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Application Bulletin (006)

Circuit Breakers Part 1


From: Simanand Gandhi Jeyaraj, Applications Engineer, Technical Support - Dover

Introduction: The moment the term Circuit breaker or its testing comes up for discussion, each
engineer / technician / sales person may assume different variants in their mind because of the
generic name circuit breaker for around 20 different types. At times classifications are also
overlapped and cross referred. Hence this application note is to focus on the type of circuit
breakers available in the market and also to brief how a typical high voltage circuit breaker
operates during close and trip function.
Being a part-I application note, forthcoming parts will discuss on the topics like circuit breaker
parts and its functionalities, Tests to be done on site, Testers and its functionalities, advanced
testing and analysing tools, etc.
What is a circuit breaker?
Where and why it is used?
What are the types available?
How does a high voltage circuit breaker work?
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What is a circuit breaker?
Standard IEC 265-1:1983 specifies, a circuit breaker is a mechanical device of connection,
capable of establish, withstand and break the current under the normal operation of the circuit
and occasionally, under specific overload in-service conditions, as well as endure specific
abnormal circuit currents (e. g. short circuit currents) during a given time (generally fractions of
second).

Where and why it is used?


Circuit breakers are similar to fuse in any LV electrical circuit. Circuit breakers are used in
electrical circuits where protection is necessary from over load and short circuit by breaking the
circuit and protecting the equipments like feeders, generators, motors, transformers and any
electrical apparatus connected.

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25/03/2010

What are the types available?

CIRCUIT
BREAKER
CIRCUIT
BREAKER

CB WITH INBUILT SELF TRIPPING


MECHANISM /
RELAY

CB WITHOUT INBUILTSELF TRIPPING


MECHANISM / RELAY

MCB MCCB LOW OR


MEDIUM VOLTAGE CB
WITH
INBUILT TRIP SETTING

By
Phase

1- Phase
3 -Phase

By
Design

Gas
insulated
Open type
Indoor
Outdoor

By
Installation
type

By
Voltage
Class

By External
Design

Fixed
Draw out

LV,
MV
HV
EHV and
UHV

Live tank
Dead tank

By arc
extinction
medium

Oil
Air blast
Magnetic blast
Vacuum
Gas

TSG Applications Bulletin 008

By type of
operating
mechanism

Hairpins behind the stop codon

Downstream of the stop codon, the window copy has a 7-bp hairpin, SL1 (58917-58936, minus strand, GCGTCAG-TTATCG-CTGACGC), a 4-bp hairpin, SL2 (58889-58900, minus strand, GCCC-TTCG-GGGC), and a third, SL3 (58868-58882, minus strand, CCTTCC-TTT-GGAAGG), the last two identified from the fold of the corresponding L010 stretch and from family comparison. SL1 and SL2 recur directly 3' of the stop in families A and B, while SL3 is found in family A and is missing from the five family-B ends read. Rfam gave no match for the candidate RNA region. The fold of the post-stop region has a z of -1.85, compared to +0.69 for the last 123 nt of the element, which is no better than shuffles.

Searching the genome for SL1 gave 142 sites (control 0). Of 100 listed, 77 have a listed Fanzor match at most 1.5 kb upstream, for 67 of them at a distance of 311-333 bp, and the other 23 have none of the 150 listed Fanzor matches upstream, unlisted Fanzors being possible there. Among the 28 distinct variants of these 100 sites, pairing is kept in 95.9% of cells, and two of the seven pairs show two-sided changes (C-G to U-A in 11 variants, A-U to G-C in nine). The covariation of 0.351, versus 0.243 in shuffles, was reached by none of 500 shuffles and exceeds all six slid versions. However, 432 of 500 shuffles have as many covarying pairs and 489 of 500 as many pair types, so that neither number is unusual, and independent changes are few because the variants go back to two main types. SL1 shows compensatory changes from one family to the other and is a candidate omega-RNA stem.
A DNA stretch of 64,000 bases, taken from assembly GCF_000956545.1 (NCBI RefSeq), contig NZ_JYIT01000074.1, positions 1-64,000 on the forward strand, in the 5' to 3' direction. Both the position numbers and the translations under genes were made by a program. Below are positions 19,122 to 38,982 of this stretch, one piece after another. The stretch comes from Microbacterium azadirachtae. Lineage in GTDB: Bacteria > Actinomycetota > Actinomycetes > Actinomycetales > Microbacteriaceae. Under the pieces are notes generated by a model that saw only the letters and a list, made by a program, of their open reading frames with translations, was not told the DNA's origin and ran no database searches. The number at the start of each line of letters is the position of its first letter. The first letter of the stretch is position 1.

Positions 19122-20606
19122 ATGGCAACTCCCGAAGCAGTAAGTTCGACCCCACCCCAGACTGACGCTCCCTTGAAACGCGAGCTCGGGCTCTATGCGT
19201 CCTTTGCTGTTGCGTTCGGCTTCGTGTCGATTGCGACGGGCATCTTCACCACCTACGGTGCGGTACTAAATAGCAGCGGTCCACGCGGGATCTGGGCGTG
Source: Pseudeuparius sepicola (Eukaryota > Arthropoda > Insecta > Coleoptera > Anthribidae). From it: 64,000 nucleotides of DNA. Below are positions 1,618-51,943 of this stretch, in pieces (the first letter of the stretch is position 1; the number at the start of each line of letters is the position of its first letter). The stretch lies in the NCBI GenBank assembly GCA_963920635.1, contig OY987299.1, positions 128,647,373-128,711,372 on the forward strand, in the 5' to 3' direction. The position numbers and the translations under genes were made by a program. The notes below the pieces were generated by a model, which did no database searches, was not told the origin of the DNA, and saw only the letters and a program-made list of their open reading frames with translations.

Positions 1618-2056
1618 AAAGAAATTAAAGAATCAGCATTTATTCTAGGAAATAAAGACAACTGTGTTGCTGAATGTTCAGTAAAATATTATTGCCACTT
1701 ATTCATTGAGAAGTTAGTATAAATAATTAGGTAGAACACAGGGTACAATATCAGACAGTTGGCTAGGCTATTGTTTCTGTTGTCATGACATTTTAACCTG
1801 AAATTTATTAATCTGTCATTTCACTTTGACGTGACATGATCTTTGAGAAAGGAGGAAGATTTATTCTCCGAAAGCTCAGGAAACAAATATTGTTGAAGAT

By drive on
three phase

Spring-operated
Electro magnet
Hydraulic
Pneumatic
Motor-operated

Common
Separate

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By number of
Interrupters /
Breaks per
phase

1 break
2 breaks
2 breaks with PIR
4 break .
Up to 12 breaks

CB TYPES EXAMPLES

Fig-1: Typical MCB 1 phase

Fig-2: MCCB 3 phase

Fig-3: LV or MV CB with inbuilt


Trip mechanism / relay

Operating Mechanism with


Trip and Close coils

Interrupter
(Vacuum or Gas)

Fig-4: Typical draw out type Medium Voltage breaker (with


Vacuum or SF6 interrupters)

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Interrupter
(Vacuum or Gas
or Oil filled)

Supporting
insulator

Operating Mechanism with


Trip and Close coils

Fig-5: Typical live tank Circuit breaker

Interrupter

Operating Mechanism with


Trip and Close coils

Fig-6: Typical Dead tank circuit breaker

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1 Break per
phase

Fig-7: 1 break per phase Three phase CB

2 Break per
phase

Fig-8: 2 break per phase Three phase CB

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1 operating mechanism
for 3 phases hence 1 set
of trip and close coil

Fig-9: Common drive for three phases

3 separate operating
mechanisms for 3 phases hence
3 set of trip and close coils

Fig-10: Separate drive for three phases

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How does a typical high voltage circuit breaker operate?


This topic explains the operation of the circuit breaker without inbuilt-self tripping
mechanism / relay. The sequences of operation of a circuit breaker system while closing under
normal condition and tripping on occurrence of a fault are as follows:

CLOSE FUNCTION
2) I will close and
inform back through
Aux contact

3) I will provide the


load current value
continuously to the
relay once CB is
closed

1) I will issue the


close command
if I was switched
ON

TRIP FUNCTION
4) I will trip and inform
back through Aux
contact

2) I have
informed
the relay.

3) I have
commanded
the CB to trip

1) A fault
has
occurred

Questions may be directed to Simanand Gandhi Jeyaraj at simanand.gandhi@megger.com

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